An outsider observing the Israel Defense Forces' fighting during Operation Protective Edge will notice right away that brigade, battalion and company commanders make up a large proportion of the wounded and casualties. The Golani Brigade alone has lost a deputy battalion commander, and among its wounded are three platoon commanders and a brigade commander. Three officers are now vying to succeed the fallen commander. This is true not only in the regular army, but also – maybe even more so in light of their stronger connection to civilian life – among the reservists.

Even those who oppose the scope of the operation cannot ignore the obvious "IDF spirit" of it. This is the spirit that leads the IDF in its best moments. The battles of the 1948 War of Independence established the norm of "Corporals, retreat – the commanders will cover you!" During reprisal operations carried out by the paratroopers in the 1950s, the officers' command "Follow me!" became the guide for IDF fighters and commanders. For the first time, general ideas like professionalism, personal example, confronting obstacles, and the rule that "We don't go back until we get it done" became iron-clad rules of thumb.

During the 1973 Yom Kippur War, too, when reservists in the Paratroopers Brigade left for the Suez Canal Operation in APCs jam-packed with fighters – many more than orders allowed – this spirit prevailed and the army, bruised and battered from battles to stop the enemy's progress, sailed across the canal, and didn't stop until it won a military victory. This spirit of volunteerism has also typified other operations, like Entebbe and Protective Wall.

Over the years, more than one commentator has claimed that today's young people are not what they used to be, and that technological developments on the battlefield have turned commanders into people who sit in front of screens, running things from afar, attacking the enemy via remote control. An examination of the IDF's fighting in Gaza shows that this is entirely untrue. The war is being managed from close up, among houses and tunnel shafts and against a determined enemy who – unlike in previous operations – is not immediately retreating. IDF commanders are leading their people on the front line, because to in order to lead soldiers, to accurately and independently assess the situation, and to complete the mission, they have to be in front, where the war is taking place. This means that a brigade commander isn't the last of his force to go in, but that a commander's place is with his forces.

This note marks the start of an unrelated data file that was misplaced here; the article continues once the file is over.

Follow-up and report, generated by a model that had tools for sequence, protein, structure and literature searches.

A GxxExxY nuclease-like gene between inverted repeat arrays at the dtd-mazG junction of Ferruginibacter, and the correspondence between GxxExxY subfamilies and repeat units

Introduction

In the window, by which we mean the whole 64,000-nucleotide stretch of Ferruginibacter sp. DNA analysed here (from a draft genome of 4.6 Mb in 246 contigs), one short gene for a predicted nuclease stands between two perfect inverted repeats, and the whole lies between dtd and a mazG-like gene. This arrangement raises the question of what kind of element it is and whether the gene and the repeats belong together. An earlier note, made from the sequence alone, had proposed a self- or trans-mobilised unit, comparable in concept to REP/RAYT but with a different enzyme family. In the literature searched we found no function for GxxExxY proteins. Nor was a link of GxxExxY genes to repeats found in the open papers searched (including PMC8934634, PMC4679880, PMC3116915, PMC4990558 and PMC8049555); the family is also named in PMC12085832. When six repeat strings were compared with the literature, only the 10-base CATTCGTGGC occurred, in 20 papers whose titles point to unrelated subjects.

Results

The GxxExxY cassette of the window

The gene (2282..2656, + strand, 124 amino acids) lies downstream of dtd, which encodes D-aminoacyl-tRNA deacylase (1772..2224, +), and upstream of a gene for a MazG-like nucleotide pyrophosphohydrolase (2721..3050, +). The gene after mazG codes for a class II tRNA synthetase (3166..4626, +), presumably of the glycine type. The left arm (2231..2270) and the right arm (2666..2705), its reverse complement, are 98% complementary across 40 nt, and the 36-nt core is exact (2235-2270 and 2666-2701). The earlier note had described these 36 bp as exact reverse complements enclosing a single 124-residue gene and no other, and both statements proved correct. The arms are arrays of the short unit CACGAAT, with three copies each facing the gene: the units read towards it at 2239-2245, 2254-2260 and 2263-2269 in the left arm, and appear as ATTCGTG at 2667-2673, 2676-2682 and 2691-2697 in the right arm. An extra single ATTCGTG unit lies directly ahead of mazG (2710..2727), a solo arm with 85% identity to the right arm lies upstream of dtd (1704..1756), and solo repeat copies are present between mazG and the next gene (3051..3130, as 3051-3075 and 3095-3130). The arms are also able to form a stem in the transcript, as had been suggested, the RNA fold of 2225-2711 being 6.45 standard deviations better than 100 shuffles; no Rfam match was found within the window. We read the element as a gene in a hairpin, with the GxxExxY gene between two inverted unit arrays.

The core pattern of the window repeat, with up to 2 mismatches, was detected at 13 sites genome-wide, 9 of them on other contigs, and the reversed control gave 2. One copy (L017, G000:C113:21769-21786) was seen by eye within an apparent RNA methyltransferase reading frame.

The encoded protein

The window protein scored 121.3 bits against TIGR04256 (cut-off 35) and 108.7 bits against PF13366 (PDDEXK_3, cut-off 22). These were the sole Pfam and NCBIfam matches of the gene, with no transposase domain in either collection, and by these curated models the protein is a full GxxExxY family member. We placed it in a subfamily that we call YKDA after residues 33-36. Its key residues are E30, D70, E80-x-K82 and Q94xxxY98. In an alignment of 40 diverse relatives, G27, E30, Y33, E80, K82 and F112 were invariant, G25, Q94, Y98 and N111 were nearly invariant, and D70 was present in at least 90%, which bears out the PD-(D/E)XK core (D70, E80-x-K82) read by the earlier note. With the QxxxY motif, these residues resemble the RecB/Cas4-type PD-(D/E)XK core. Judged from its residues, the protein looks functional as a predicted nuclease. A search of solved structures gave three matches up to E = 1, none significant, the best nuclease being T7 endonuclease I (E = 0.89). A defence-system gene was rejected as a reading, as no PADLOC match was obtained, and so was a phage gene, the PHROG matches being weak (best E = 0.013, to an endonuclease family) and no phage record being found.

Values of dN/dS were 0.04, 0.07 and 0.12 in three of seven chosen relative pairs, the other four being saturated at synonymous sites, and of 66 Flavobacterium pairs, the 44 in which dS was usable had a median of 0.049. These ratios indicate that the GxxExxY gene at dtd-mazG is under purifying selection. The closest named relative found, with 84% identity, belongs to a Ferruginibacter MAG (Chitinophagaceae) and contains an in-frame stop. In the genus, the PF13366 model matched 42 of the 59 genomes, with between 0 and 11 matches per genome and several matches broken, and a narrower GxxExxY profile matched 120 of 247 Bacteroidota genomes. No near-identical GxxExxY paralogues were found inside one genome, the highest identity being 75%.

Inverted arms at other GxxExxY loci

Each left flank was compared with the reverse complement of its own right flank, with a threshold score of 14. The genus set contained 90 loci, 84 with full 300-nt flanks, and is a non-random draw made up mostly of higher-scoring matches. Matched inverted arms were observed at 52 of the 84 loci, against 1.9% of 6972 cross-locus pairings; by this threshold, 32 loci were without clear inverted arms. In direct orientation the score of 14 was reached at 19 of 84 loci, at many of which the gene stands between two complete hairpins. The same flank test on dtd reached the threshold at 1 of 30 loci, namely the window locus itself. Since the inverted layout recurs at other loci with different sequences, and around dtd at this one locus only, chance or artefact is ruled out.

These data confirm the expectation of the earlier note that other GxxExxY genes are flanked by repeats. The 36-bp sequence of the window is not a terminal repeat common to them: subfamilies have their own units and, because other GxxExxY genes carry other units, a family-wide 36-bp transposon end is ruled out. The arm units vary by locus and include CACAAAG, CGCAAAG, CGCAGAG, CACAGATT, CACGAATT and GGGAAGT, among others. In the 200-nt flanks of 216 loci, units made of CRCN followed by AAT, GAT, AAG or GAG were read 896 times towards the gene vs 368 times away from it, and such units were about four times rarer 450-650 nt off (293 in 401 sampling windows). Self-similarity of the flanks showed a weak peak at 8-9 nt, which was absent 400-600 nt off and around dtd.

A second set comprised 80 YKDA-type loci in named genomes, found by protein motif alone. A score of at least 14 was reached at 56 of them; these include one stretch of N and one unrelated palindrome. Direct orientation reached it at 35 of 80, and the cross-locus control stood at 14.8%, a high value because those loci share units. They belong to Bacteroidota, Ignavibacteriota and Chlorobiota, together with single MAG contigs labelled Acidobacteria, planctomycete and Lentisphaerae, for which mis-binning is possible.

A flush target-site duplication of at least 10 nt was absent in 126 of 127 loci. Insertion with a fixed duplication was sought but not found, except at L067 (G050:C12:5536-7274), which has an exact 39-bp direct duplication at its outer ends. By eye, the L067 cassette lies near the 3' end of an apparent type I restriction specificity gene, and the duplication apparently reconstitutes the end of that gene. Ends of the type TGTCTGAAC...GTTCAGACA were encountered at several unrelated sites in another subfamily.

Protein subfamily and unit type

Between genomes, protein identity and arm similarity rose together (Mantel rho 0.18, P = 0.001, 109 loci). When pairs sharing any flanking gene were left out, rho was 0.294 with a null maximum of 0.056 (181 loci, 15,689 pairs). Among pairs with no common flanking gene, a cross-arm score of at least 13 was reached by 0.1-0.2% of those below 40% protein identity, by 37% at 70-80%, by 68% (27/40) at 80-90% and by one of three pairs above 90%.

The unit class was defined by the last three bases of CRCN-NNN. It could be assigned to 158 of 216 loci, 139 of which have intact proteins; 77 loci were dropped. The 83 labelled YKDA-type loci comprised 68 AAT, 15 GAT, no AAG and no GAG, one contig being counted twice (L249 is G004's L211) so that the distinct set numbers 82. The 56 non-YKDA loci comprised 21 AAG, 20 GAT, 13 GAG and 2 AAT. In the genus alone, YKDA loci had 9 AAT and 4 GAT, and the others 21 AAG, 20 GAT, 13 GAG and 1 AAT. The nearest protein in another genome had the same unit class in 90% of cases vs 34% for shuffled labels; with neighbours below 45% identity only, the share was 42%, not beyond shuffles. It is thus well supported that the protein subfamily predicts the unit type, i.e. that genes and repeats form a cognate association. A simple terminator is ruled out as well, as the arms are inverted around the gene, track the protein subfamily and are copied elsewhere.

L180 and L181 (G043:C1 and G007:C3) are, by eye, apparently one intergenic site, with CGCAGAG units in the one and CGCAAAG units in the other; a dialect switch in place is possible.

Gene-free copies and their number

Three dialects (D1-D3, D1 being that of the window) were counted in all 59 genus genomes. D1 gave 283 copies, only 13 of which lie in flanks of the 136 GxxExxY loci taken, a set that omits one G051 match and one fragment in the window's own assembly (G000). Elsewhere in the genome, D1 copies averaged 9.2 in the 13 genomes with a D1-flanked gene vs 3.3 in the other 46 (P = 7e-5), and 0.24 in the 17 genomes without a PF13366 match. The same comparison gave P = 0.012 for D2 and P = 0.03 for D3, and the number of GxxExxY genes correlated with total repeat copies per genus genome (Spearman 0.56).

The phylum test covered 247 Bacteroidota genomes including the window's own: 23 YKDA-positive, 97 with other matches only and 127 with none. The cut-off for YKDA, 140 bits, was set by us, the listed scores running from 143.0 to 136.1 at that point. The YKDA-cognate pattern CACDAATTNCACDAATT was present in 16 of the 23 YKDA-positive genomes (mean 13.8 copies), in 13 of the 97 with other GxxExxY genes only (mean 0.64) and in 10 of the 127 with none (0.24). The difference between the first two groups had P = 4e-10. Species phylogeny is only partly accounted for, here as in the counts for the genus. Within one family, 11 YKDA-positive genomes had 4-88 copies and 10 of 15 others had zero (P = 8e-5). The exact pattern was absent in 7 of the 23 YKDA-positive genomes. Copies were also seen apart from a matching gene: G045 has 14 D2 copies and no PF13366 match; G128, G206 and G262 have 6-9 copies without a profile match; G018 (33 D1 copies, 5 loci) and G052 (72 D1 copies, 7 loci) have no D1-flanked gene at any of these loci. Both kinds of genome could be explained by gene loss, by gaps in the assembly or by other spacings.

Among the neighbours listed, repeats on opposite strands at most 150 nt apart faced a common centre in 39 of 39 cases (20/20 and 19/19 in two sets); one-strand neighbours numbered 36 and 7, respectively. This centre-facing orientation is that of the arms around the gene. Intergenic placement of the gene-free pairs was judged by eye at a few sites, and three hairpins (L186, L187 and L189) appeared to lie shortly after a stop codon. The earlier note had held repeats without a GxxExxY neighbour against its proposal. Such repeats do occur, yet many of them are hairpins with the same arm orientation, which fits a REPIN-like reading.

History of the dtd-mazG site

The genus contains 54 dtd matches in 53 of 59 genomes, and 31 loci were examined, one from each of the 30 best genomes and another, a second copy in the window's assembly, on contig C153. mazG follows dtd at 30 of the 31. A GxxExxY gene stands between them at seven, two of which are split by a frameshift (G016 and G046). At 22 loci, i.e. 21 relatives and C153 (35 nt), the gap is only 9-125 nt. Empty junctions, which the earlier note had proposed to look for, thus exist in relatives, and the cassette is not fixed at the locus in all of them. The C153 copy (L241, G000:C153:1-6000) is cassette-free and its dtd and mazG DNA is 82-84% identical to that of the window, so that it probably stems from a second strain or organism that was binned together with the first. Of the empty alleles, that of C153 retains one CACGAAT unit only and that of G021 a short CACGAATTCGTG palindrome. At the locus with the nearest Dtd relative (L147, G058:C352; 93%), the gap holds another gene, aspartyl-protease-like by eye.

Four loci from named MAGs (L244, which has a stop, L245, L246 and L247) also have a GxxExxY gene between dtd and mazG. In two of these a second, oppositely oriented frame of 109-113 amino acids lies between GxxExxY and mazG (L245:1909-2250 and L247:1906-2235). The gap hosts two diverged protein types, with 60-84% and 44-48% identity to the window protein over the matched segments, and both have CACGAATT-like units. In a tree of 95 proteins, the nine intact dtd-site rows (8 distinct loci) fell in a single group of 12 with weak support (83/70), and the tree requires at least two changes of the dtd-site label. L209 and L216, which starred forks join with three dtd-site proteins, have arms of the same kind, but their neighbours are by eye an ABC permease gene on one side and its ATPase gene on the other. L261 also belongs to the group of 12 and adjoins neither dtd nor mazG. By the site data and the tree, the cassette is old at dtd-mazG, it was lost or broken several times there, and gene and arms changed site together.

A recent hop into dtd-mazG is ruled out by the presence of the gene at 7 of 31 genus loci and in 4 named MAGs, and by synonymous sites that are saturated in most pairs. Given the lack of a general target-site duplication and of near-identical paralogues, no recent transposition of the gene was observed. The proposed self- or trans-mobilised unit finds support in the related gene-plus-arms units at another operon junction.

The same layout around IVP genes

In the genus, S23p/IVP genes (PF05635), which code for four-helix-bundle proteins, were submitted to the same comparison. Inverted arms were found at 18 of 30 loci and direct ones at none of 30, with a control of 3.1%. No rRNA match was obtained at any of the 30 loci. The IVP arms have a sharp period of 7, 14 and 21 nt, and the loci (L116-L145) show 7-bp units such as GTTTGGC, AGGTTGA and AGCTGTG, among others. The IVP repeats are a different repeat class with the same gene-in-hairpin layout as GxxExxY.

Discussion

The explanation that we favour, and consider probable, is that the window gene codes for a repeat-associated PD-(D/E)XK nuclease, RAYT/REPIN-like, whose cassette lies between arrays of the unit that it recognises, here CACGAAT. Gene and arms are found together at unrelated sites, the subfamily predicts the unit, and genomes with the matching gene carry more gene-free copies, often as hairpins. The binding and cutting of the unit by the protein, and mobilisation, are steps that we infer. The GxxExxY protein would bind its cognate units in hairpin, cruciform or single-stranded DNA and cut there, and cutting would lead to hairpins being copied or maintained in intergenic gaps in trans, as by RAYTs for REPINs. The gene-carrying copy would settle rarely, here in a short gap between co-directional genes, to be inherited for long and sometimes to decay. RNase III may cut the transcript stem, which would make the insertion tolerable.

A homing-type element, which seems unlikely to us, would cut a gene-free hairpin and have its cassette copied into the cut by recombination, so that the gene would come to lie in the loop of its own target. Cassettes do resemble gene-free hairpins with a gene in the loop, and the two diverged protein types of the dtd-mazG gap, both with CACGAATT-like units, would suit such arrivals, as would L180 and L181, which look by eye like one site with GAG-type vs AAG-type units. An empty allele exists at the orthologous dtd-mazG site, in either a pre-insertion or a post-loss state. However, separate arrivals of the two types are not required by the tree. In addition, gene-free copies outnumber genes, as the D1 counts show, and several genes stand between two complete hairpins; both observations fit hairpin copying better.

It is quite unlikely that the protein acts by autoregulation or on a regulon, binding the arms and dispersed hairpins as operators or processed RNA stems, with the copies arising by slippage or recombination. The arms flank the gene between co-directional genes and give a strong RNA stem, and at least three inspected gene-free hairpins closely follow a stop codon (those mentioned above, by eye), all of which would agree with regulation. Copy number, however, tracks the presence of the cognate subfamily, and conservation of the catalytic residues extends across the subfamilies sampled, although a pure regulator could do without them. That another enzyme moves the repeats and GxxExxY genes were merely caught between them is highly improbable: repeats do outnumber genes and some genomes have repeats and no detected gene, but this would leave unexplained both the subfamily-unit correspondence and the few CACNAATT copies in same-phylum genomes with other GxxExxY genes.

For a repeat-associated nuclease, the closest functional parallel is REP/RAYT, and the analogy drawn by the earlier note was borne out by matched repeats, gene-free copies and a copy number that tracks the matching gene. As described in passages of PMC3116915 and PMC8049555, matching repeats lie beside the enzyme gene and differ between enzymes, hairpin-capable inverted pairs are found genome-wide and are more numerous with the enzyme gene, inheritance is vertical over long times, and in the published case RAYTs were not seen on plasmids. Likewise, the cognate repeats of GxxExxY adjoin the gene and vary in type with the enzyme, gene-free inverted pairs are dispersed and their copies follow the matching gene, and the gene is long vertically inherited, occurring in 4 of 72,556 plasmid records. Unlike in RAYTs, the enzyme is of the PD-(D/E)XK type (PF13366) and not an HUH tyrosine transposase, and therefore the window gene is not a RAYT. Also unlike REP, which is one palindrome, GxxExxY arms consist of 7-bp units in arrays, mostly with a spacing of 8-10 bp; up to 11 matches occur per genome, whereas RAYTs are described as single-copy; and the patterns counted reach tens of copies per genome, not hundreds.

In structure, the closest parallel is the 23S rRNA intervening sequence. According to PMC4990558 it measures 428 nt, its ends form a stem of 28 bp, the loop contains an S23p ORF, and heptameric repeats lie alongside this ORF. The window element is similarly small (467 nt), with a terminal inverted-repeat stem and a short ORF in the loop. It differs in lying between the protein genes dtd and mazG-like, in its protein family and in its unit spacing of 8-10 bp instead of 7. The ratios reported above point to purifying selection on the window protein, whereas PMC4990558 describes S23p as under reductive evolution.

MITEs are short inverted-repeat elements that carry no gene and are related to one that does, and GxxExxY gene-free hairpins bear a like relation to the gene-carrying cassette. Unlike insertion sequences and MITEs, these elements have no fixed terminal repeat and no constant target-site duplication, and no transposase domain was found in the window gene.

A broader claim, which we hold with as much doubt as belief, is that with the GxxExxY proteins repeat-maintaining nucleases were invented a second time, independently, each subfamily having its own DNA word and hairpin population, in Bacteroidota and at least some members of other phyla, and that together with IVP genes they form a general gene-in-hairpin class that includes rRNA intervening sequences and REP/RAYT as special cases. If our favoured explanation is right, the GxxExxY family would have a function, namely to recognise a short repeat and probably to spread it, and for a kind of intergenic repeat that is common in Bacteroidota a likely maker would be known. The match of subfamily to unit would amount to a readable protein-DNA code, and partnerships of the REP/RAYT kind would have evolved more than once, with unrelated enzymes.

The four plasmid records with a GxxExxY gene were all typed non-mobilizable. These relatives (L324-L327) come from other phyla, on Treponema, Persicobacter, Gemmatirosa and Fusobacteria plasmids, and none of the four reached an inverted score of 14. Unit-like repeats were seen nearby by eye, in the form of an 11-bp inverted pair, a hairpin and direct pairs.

The IDF's warrior ethos, as an article by General (res.) Giora Rom put it, is a behavioral code comprising courage, selflessness, loyalty to society and to comrades, coolness under pressure, integrity, and willingness to accept any hardship. The group of Israelis who operate under this code isn't large. In every society, be it American, Swiss, or Chinese, the first men in – the fighters willing to take on any burden – have always been the minority. But from the moment you serve in the IDF, you're in it for life. Even if you have finished your service, every loss will hit close to home. You may not know the fallen personally, but you may have been in officers' training with his cousin, or served with his older brother. Not a very large group, not glamorous, always on the same hilltops – but fewer people each time.

Alongside the criticism from various officials about the "tunnel failure," the "failure" in the lack of armored equipment for the soldiers, and more, those who are doing the job – those who are still loyal to the warrior ethos – should be valued. Because we have someone to depend on.

Gal Perl Finkel is a eserve soldier in the Paratroopers Brigade and a research assistant at Israel's Institute for National Security Studies and operates the blog "Al Hakevenet" (In the Crosshairs).

(The article was published in "israelhayom", July 31, 2014)